Missionary Methods: St. Paul’s or Ours, A Study of the Church in the Four Provinces

By: Roland Allen

Missionary Methods is an important book in the history of cross-cultural missions.  It has had an impact on the way overseas missions is done and thought about all the way into the 21st century.  As the title makes clear, the point of the book is to examine Paul’s missionary methods and ascertain if we should be using his methods, or our methods.  In the book he advocates for the former, pushing against the colonial missions ideas that were prevalent in his day.  Ronald Allen was an Anglican missionary to China from 1895-1903.  As a missionary, he saw the problems with the colonial missions methods that were being utilized and returned to Scotland.  He began pushing for indigenous missions practices that would be used to more effectively share the gospel in the unreached and begin church planting movements.  This book flows out of Allen’s experience and struggles as he sought to determine how missions was to be done in his day.  After writing Missionary Methods in 1912, he went on to write The Spontaneous Expansion of the Church and the Causes Which Hindered It in 1927, both of which are still used by missionaries and assigned in seminary classes.

Allen makes his thesis clear from the very start.  Paul’s missionary methods, primarily recorded in Acts, informs us on how to do missions and missionaries need to conform to his methods.  He states, “It is impossible but that the account so carefully given by St. Luke of the planting of the churches in the Four Provinces should have something more than a mere archaeological and historical interest.  Like the rest of the Holy Scriptures it was ‘written for our learning’” (6).  The most important obstacle to this thesis that Allen focuses on proving wrong, is the claim that Paul’s situation was different than ours so his methods are not as effective as our modern methods.  He makes clear, that the real reason Paul’s methods in the four provinces is undermined is because, “St. Paul’s method is not in harmony with the modern Western spirit” (9).  After the introduction in chapter one, Allen continues with ten chapters dealing with individual aspects of missions and how we learn from Paul how they ought to be handled.  Each of these chapters has a similar format and goal.  They seek to show how Paul’s situation and circumstance did not give him anymore of an advantage than we have.  Allen highlights the negative effects of doing missions our own way to point the reader to consider Paul’s way.  For example, when addressing the issue of Baptism and the Lord’s Supper, he explains that when we try to select only a few people to do everything in a new Christian community, we end up running into several problems that Paul did not have when he trained leaders from within congregations to replace him (83-85). Furthermore, after explaining what Paul did in detail, he applies it to the modern missionary situation. His goal is the same throughout these sections; Paul’s method of doing missions must take presence over our own ideas and methodology. The book draws to a close with five rules for missionaries that he argues are essential to missions based off of Paul’s method explained in the preceding ten chapters.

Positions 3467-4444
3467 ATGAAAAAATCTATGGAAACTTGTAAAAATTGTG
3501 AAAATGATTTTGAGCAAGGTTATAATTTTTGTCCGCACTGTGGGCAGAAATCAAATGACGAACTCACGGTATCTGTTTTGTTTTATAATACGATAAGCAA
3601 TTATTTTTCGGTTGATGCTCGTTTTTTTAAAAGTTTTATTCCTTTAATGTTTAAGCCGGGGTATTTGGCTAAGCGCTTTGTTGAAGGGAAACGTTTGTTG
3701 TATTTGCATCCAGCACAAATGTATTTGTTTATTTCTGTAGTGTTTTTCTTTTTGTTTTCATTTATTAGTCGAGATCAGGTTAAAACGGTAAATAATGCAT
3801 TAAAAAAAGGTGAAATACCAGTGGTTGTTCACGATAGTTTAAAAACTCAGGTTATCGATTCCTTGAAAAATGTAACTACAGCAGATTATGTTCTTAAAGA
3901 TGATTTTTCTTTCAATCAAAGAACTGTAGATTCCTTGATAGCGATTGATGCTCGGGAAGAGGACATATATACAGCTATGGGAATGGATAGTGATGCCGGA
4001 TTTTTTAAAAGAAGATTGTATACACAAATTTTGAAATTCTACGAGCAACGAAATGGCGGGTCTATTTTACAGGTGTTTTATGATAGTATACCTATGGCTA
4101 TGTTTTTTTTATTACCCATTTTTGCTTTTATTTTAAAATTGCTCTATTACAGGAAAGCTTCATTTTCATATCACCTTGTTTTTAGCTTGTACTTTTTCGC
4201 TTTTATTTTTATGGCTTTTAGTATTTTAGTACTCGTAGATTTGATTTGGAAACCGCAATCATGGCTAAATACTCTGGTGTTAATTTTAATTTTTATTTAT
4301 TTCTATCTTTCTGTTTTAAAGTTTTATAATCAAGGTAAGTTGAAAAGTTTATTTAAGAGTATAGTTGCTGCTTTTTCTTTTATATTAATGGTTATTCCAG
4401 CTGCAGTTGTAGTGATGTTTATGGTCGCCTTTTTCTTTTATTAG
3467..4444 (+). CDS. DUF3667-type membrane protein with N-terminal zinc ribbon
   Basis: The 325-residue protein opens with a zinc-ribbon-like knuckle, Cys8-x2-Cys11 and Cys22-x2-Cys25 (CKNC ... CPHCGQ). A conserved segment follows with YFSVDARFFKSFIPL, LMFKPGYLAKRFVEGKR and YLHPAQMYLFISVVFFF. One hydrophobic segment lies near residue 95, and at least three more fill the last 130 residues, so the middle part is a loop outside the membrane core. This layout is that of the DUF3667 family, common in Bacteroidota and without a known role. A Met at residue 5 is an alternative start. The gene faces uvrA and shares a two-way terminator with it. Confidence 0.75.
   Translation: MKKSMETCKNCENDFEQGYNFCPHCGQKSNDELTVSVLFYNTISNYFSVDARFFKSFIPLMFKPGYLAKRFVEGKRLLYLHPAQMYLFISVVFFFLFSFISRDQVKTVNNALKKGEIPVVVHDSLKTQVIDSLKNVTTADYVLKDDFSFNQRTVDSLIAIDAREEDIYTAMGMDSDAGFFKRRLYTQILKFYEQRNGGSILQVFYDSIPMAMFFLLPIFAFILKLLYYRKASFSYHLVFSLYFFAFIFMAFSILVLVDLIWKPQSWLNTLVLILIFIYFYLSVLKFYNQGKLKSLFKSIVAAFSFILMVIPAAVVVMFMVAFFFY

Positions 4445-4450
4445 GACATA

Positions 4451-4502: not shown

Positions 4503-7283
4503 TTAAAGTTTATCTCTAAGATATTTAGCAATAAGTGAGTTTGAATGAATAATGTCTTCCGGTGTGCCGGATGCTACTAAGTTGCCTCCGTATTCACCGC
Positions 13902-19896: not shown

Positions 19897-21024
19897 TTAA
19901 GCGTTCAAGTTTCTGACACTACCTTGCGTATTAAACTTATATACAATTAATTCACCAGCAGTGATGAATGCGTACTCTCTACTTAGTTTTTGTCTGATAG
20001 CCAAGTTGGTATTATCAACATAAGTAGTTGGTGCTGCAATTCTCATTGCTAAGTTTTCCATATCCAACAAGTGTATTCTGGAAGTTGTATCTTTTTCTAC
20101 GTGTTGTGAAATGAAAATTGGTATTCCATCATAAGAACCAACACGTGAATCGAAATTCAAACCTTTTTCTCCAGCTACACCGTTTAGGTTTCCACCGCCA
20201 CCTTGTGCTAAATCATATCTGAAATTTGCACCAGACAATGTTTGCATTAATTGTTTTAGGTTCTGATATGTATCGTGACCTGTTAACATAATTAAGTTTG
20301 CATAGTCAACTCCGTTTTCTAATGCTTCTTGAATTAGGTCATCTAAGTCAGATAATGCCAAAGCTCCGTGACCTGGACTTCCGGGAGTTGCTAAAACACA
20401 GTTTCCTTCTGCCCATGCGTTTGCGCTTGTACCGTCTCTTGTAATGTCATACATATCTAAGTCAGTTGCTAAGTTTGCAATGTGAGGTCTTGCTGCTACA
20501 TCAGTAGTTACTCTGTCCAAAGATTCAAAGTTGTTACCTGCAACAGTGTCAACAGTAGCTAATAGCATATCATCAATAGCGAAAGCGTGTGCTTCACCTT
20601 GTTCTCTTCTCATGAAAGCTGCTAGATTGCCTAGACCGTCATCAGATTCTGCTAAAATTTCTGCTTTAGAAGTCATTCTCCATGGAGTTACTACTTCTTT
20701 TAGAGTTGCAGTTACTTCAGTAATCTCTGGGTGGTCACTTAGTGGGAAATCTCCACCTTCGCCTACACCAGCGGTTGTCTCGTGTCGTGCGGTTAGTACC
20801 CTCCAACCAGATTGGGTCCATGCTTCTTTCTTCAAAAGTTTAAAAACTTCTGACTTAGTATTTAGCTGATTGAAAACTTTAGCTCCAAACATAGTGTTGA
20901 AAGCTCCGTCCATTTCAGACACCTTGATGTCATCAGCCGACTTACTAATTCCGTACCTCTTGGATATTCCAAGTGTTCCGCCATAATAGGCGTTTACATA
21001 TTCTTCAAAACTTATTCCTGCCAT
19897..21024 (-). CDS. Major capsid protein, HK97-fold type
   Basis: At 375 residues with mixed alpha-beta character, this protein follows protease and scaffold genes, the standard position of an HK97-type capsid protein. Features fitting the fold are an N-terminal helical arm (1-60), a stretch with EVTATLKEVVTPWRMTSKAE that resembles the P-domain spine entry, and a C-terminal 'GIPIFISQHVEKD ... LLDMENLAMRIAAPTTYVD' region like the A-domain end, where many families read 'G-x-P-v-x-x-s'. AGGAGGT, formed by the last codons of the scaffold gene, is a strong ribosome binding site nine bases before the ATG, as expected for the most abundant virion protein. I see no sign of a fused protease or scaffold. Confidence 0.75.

Overall, Missionary Methods is a well written book that is greatly helpful for Christians seeking to understand how missions are to be done effectively and faithfully.  Though we live 2,000 years after Paul, Allen does a superb job in showing that his methods still work.  In fact, Paul’s methods are the only ones that are faithful.  The book’s thesis is biblically sound and argued practically.  Below, I explain that strength is primarily seen in its boldness, historical aptitude, sound overarching argument, insight into the barriers to missions and faithful use of the biblical text.

It is understandable why this book is still used and respected today.   As long as this book is read, it will continue to positively lead people away from faulty human based strategies to missions and towards the effective biblical pattern set forth by Paul.  No matter what someone’s background on missions, anyone who reads this book will have a hard time disagreeing with Allen.  He did a great job in showing how Paul’s missionary methods can work today as they worked in his day.  I would recommend this book to any Christian who is contemplating or doing cross-cultural missions.  The truths of the book had a large impact on me and the way I think about every aspect of missions from finances to authority.  Though the book is old, the truths are timeless and we should be thankful for the impact that Allen has had on the way people have thought about missions.

Book Review by Pastor Jonathan Ahlgren

You can buy the book here.